In summary, the research will explore the following research questions:
1. How are the public purposes of schooling understood?
2. How are the public purposes of education enacted in Australian schools?
3. What are the factors that facilitate and/or inhibit the enactment of these public purposes in schools
4. What are the implications for educational policy and practice?
5. How can the findings of the project contribute to (a) professional strategies for school principals, and (b) on-going discourses about the public purposes of schooling and their successful enactment?
The outcomes of the project will extend beyond the formal research findings. Apart from informing government policy, they will include the engagement of principals in the research and the feedback given to them. As well, all schools will be provided with professional development and evaluation resources that will assist them to engage further with the question of public purposes and to develop strategies for achieving these public purposes in their school communities.
The project is timely in a period when governments and community organisations have expressed concerns about the fundamental values that unify communities and the nation, especially in the context of expressions of community discord which have manifested themselves in recent times. In an age where national public value is open to redefinition from a globalised economy and media, and where community bonds can weaken with rapid changes in values, schooling remains the critical public institution for the purposes of community building, national unity and a healthy democracy.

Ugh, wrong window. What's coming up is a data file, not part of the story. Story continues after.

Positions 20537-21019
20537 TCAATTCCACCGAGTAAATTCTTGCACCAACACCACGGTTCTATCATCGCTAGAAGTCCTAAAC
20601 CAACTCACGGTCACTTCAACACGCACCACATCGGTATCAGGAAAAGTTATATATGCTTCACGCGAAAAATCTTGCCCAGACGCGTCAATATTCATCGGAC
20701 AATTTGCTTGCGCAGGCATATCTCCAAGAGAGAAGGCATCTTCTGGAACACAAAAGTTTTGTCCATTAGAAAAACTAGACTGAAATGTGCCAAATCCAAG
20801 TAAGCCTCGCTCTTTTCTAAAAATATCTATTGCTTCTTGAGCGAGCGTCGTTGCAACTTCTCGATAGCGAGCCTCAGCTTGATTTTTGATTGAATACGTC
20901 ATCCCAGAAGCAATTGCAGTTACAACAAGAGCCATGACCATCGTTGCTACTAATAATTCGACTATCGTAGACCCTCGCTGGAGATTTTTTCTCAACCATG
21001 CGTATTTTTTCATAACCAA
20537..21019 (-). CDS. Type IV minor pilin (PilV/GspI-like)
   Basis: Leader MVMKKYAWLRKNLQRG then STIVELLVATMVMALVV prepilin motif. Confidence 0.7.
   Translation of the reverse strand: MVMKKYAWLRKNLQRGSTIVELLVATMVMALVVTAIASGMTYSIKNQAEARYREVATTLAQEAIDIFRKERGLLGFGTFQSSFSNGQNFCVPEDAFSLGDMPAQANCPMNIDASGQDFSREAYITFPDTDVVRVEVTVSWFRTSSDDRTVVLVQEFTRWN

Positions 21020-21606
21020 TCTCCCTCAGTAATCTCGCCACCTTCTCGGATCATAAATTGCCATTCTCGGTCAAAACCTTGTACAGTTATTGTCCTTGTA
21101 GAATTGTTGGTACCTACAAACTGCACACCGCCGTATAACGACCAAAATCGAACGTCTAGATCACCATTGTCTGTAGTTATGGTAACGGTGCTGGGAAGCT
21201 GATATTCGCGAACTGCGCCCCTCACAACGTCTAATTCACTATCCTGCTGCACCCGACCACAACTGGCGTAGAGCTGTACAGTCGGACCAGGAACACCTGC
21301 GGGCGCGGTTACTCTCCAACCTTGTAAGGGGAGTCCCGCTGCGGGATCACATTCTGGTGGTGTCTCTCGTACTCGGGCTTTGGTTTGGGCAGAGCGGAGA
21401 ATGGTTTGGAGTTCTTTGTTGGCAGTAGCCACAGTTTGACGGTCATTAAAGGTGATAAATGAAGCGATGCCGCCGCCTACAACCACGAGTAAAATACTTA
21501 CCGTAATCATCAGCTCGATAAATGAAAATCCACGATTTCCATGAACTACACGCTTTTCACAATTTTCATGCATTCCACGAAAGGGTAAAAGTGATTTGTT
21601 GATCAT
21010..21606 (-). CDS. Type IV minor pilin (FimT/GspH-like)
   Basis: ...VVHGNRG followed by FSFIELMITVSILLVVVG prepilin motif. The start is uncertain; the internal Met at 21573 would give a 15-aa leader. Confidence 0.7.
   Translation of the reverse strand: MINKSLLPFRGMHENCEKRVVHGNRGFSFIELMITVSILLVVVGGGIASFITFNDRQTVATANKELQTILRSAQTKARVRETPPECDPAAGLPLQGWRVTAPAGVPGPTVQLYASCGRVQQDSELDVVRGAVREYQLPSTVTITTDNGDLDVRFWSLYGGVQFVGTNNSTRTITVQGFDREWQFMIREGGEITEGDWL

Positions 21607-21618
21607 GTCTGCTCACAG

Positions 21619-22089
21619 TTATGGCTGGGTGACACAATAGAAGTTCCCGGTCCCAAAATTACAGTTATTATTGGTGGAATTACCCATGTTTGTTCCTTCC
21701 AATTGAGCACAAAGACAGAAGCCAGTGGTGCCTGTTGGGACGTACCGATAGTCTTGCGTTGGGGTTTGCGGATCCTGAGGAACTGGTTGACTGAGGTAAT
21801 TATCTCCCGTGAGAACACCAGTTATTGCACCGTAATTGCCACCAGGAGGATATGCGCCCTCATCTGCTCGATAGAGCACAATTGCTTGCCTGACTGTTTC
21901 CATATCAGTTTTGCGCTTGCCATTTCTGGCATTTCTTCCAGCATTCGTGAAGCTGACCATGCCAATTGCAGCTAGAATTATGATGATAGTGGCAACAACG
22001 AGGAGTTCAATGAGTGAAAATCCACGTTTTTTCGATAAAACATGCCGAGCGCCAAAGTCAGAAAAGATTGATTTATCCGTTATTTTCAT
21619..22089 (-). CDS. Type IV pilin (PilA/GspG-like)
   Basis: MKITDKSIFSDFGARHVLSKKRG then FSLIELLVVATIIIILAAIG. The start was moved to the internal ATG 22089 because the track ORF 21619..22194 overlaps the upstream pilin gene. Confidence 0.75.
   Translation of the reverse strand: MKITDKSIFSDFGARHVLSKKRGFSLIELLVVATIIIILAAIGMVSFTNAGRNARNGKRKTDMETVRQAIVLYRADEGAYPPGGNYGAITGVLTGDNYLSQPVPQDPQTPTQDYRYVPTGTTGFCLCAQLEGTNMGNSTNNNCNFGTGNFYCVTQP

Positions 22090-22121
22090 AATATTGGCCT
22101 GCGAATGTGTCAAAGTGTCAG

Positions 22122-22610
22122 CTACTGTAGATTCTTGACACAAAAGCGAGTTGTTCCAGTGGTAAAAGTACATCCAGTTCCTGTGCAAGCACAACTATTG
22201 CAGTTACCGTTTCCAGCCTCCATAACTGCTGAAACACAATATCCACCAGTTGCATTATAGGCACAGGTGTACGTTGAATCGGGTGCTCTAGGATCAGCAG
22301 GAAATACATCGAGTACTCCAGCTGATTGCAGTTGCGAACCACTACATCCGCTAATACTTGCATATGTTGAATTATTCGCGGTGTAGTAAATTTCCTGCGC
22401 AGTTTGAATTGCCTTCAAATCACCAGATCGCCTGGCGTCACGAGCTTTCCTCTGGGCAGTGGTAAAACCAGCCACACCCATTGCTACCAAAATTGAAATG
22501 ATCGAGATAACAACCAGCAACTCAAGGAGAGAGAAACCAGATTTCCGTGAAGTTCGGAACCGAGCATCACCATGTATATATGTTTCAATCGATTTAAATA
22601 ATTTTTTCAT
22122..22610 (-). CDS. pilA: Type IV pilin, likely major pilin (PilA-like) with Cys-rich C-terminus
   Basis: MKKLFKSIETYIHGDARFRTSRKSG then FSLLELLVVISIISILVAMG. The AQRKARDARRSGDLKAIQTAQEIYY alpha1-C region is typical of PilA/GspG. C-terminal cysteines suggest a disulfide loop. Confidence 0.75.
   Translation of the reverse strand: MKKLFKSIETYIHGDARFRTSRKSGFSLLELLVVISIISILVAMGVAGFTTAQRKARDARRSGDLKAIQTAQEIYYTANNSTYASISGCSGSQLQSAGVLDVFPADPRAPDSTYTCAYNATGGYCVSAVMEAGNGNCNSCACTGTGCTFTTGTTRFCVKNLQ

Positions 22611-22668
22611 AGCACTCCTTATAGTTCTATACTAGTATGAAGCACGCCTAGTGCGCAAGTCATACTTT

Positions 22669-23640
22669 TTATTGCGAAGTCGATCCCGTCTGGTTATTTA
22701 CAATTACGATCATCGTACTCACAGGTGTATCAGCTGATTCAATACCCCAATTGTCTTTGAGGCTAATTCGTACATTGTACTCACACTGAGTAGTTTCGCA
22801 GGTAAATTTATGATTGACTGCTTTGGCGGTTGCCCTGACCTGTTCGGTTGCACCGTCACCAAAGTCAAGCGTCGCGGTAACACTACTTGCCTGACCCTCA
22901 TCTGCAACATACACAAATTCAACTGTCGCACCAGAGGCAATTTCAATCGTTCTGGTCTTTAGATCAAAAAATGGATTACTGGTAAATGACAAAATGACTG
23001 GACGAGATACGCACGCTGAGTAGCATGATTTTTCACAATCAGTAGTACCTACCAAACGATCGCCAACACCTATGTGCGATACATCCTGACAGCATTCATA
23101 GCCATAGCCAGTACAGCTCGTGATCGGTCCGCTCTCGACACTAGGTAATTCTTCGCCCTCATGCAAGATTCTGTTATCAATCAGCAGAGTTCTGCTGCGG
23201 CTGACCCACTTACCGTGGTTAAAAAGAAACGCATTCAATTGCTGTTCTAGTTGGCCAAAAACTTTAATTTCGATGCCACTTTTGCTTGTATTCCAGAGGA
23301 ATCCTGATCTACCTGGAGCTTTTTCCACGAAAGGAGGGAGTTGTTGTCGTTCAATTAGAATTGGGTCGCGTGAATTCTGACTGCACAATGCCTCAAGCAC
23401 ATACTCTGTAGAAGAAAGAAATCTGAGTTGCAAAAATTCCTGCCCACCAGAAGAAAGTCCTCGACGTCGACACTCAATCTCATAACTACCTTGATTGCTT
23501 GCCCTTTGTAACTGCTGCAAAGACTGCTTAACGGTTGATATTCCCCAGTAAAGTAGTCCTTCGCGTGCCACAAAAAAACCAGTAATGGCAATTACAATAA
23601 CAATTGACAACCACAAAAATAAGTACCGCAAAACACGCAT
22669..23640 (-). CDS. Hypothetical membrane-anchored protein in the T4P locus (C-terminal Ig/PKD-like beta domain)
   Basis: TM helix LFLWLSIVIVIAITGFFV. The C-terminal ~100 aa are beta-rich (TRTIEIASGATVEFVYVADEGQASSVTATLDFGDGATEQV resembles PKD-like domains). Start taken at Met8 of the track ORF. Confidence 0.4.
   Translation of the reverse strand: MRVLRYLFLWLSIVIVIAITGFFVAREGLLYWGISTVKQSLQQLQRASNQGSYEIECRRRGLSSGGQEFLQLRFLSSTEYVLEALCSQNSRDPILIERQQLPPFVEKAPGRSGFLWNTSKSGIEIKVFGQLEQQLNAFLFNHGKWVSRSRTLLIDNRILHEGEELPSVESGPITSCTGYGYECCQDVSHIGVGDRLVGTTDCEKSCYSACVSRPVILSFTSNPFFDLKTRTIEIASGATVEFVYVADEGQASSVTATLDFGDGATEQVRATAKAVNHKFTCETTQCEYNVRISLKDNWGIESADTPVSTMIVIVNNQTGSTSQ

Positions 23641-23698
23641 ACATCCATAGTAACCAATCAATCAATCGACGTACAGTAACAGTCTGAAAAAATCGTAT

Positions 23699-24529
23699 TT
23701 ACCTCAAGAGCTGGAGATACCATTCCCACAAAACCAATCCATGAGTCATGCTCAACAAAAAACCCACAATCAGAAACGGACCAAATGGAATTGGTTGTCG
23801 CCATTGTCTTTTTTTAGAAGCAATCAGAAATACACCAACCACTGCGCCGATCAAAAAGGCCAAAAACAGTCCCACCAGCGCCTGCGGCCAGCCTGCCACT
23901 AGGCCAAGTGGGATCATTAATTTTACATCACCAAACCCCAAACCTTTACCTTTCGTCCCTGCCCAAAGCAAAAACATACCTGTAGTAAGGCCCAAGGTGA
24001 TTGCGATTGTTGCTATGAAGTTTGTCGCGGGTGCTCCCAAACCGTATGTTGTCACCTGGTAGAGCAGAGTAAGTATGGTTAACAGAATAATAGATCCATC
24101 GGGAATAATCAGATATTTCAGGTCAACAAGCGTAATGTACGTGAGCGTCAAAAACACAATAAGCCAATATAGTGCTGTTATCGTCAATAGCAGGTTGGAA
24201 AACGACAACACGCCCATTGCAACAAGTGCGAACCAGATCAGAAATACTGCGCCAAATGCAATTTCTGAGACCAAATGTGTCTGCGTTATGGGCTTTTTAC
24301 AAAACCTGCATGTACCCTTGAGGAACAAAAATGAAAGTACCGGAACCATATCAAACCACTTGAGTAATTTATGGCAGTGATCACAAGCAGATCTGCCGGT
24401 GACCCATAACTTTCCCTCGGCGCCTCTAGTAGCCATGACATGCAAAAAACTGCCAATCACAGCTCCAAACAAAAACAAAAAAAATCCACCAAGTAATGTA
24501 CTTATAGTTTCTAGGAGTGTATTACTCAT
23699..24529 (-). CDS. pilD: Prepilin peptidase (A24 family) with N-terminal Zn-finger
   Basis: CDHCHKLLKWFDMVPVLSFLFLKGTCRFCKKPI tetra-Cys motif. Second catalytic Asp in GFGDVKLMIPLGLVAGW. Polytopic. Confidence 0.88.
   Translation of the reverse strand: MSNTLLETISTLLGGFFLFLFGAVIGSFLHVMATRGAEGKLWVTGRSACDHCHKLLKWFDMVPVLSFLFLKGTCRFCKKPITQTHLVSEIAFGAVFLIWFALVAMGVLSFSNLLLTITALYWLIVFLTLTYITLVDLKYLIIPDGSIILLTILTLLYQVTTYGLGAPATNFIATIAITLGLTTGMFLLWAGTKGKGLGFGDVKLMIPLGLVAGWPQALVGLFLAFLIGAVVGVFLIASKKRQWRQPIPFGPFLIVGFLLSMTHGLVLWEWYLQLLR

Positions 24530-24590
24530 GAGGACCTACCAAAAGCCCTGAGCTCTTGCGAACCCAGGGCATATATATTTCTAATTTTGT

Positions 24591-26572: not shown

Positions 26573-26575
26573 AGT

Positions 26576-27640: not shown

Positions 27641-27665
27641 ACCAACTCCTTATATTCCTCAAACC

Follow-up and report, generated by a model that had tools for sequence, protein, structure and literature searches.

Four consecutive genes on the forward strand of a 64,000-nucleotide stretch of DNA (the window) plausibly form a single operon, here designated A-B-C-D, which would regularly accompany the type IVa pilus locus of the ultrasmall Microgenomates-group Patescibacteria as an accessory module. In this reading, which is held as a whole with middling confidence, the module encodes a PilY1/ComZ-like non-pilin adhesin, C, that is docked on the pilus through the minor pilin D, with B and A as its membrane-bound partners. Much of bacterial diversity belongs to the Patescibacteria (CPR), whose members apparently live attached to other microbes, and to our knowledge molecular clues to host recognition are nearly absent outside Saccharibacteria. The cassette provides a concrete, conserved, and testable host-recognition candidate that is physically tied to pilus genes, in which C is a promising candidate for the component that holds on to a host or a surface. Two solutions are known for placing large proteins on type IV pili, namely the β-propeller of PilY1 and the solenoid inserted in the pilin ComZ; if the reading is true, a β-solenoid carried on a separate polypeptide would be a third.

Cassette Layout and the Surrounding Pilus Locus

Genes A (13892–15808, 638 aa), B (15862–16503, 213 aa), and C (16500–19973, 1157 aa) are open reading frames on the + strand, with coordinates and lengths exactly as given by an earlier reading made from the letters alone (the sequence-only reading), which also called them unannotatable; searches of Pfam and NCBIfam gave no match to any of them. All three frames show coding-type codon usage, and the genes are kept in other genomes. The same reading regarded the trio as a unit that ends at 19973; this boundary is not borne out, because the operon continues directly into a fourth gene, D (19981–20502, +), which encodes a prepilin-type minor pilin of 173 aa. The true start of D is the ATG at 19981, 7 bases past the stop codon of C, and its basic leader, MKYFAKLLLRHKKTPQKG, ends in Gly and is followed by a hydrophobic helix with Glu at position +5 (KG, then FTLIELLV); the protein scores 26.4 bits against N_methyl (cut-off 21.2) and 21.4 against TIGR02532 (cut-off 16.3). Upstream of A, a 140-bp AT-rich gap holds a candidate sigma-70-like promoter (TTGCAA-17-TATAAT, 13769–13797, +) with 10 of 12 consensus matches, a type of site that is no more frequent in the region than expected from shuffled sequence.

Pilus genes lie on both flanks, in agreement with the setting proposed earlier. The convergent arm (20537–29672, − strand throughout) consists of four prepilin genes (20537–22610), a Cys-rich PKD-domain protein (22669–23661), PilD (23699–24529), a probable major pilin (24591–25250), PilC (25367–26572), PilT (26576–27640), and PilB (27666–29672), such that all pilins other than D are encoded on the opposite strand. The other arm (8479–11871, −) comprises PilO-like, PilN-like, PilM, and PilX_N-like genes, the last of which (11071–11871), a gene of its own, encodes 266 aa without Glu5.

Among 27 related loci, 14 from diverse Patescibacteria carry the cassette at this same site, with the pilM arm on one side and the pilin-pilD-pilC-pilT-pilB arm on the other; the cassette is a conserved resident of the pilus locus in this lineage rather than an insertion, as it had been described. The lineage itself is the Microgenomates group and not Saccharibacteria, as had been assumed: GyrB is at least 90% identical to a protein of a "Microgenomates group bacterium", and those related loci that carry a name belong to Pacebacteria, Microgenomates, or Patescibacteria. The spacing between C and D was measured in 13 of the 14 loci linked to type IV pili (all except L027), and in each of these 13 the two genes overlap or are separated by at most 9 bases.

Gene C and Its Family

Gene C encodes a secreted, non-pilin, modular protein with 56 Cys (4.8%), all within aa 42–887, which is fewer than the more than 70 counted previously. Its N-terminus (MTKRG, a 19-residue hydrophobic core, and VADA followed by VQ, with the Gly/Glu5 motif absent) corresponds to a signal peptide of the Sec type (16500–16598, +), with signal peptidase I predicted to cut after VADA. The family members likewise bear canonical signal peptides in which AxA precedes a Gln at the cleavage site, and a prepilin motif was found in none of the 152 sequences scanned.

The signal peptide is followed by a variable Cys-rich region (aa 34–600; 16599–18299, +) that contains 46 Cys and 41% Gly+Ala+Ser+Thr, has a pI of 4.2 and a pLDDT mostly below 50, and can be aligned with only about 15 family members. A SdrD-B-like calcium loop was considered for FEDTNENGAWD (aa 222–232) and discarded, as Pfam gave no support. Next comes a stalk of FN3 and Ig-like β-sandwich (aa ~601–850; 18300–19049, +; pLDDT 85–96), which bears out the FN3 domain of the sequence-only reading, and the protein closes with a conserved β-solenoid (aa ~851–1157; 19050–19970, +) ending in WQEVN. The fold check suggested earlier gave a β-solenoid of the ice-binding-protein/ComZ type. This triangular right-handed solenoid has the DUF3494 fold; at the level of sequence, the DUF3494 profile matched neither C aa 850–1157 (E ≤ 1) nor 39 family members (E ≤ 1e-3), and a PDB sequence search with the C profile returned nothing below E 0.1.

What constitutes public purposes of schooling is a complex question relating to the intangible and inherently autonomous entities of public values, knowledge and beliefs. Within a liberal democracy these entities are the product of the interplay of family and community heritage, independent cultural agencies (such as religion and the media) and public agencies. The main public agency is primary schooling, towards which government contributes approximately $15 billion annually.
Unlike previous studies, this project will not attempt to identify public value either through independent agencies, or through a survey of public attitudes. Rather it will attempt to identify public values through documenting the interplay between communities and the public agency that has the historical and explicit purpose of building and strengthening public purposes – primary schools and their leaders.